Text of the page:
The Denver school board’s decision to put armed police back in schools following last week’s shooting at East High came after district leaders learned Mayor Michael Hancock planned to use executive action to force the matter, the board’s vice president alleged Monday.
The mayor’s office denied the charge made by school board director Auon’tai Anderson, one of the leaders of the 2020 effort that removed police from Denver’s schools.
The Board of Education voted last week to put officers back in the city’s high schools after meeting for five hours in a closed session the day after two administrators were shot and wounded at East. Denver Public Schools already had faced calls for tighter security following a shooting at East in February, in which a student was killed.
During a news conference Monday, Anderson said Superintendent Alex Marrero told him and board President Xóchitl “Sochi” Gaytán last week that the decision to station police in schools “would happen without the board’s approval” and that Hancock already had drafted an executive order to declare a public health emergency to make it happen.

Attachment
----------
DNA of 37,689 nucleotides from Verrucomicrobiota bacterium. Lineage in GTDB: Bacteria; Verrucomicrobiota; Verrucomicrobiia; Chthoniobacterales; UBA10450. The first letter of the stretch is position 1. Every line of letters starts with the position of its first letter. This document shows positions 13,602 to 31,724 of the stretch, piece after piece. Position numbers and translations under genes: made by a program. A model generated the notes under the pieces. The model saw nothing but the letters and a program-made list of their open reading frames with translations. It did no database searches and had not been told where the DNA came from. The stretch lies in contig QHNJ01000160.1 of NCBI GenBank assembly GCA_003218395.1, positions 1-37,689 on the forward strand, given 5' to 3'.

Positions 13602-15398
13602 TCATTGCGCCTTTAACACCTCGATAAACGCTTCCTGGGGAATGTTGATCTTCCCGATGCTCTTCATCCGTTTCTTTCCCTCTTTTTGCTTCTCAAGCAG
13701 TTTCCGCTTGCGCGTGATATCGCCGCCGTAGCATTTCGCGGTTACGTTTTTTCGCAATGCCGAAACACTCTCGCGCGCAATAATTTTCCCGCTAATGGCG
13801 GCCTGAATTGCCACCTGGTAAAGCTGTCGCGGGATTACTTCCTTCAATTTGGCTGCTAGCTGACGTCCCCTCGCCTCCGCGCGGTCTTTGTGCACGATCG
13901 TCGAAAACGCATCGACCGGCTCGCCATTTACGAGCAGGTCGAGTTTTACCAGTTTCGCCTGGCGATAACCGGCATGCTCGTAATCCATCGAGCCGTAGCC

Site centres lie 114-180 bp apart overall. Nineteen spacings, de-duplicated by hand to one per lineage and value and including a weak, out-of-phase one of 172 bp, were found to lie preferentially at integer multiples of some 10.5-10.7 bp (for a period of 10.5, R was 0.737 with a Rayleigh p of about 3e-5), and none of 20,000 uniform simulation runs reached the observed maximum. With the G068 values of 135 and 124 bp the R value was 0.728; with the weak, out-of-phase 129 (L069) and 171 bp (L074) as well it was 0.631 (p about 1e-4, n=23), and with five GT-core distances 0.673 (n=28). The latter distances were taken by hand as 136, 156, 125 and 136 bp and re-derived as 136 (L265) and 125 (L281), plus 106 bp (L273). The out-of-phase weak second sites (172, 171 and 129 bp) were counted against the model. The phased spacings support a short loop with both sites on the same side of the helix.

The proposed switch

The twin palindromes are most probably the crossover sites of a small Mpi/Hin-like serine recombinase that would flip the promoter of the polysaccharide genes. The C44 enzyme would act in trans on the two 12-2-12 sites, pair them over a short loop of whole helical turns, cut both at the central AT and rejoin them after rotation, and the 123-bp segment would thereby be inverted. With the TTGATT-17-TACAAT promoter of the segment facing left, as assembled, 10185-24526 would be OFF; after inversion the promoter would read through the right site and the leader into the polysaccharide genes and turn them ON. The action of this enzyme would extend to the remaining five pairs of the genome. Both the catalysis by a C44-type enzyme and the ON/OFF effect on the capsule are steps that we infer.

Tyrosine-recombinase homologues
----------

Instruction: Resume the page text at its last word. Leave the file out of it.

“The decision that you saw was one responding to the moment, but also preserving the institution of the school board,” Anderson said of the board’s unanimous vote on Thursday. “We cannot be a school district where the mayor of Denver is signing executive orders to overhaul our duly elected school board.”
Mike Strott, a spokesman for the mayor’s office, denied Anderson’s allegation that Hancock had drafted an executive order to put armed school resource officers, or SROs, back in public schools.
“The decision to bring SROs back to high schools was made by the superintendent,” he said.”There’s no truth to what Director Anderson is claiming.”